Patients' Perception of Antenatal Care at the University of Port Harcourt Teaching Hospital
Background: Antenatal care is considered an important aspect of maternity care and is generally believed to positively influence the outcome of pregnancies. This reason informs the regular antenatal attendance by expectant mothers. This study aims to determine the views of expectant mothers on the value and benefits of antenatal care and their satisfaction with the service delivery at the routine antenatal clinic.
Methodology: Five hundred randomly selected antenatal clinic attendees at the University of Port Harcourt Teaching Hospital were surveyed using a pretested interviewer administered questionnaire from September to November 2005. Four hundred and forty four of the five hundred questionnaires were retrieved for analysis. Data management was done using SPSS 11 for Windows® statistical software.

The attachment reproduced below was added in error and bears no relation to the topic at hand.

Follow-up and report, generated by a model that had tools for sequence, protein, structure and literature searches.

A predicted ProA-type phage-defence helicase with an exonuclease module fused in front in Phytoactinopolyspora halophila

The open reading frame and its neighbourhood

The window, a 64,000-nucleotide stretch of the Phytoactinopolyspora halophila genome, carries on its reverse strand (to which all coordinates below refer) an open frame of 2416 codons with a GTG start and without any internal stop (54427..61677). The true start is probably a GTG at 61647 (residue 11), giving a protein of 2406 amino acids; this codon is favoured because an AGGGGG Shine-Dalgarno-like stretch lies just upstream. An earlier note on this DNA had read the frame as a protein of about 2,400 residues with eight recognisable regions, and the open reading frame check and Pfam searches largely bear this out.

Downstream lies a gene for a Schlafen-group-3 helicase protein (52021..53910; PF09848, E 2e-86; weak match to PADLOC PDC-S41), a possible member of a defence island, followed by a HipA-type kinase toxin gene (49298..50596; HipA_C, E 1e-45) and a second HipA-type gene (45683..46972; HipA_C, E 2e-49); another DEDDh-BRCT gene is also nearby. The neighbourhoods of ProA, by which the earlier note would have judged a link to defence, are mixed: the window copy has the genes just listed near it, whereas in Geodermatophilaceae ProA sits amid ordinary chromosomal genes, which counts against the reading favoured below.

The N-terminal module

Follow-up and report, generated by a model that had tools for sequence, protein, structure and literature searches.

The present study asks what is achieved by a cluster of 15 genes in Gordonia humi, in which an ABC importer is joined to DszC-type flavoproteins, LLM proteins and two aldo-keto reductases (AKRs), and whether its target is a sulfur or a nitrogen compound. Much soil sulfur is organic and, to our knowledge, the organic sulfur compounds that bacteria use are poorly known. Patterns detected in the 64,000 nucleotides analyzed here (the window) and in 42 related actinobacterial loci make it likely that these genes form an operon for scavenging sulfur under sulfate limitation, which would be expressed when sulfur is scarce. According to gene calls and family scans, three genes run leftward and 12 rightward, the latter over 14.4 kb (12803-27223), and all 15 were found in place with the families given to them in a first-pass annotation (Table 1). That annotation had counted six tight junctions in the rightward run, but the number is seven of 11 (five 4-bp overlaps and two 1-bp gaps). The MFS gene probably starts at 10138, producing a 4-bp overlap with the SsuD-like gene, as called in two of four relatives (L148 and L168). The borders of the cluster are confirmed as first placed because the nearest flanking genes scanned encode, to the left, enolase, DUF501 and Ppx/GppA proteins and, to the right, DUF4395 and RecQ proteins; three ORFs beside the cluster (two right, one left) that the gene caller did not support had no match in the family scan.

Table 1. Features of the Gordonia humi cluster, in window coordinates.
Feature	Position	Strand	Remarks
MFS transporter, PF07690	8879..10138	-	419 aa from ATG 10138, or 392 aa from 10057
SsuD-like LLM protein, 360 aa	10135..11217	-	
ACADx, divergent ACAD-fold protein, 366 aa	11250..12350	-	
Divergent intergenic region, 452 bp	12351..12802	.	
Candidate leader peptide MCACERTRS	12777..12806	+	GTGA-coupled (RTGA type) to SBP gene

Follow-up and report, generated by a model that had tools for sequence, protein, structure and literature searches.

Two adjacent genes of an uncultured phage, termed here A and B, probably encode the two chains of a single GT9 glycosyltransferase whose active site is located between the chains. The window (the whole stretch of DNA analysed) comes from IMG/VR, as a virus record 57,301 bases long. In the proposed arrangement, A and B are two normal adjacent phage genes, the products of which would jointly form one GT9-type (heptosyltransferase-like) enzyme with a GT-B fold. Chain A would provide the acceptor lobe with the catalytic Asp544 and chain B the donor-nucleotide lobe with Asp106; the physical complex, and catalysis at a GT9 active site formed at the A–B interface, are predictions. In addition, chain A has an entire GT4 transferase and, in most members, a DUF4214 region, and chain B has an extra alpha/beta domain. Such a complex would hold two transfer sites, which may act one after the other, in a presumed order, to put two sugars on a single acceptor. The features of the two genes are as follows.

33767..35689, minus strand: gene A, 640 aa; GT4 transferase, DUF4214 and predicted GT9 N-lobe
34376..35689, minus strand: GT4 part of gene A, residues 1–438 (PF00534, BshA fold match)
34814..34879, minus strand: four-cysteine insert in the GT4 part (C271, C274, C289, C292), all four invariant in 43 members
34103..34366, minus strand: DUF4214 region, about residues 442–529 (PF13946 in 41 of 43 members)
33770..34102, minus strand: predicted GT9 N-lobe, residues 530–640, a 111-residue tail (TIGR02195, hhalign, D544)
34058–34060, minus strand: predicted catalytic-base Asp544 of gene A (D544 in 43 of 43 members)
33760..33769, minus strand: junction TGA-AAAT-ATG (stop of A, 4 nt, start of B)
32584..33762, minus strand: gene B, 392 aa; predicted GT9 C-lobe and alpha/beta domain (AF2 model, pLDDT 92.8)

Results: Most of the respondents (98.4%) thought antenatal care has benefits and could list at least one benefit. Majority (87.4%) felt the traditional antenatal clinic visits were adequate while 3.8% felt they were too frequent. More than two-thirds (72.3%) waited beyond 2 hours before consultation with the doctors. Fear of possible industrial strikes which disrupts health services in the Teaching Hospital compelled patients to have parallel antenatal care with other health facilities. Twenty eight respondents (6.3%) felt the members of staff have a very hostile attitude towards antenatal patients.
Conclusion: Expectant mothers agree there are health benefits derived from antenatal care. They are satisfied with the traditional antenatal visits. However, long waiting time, industrial strikes and hostile staff attitude were the negative perceptions of the antenatal care in our hospital.
Keywords: Antenatal care, Health benefits, Negative perceptions.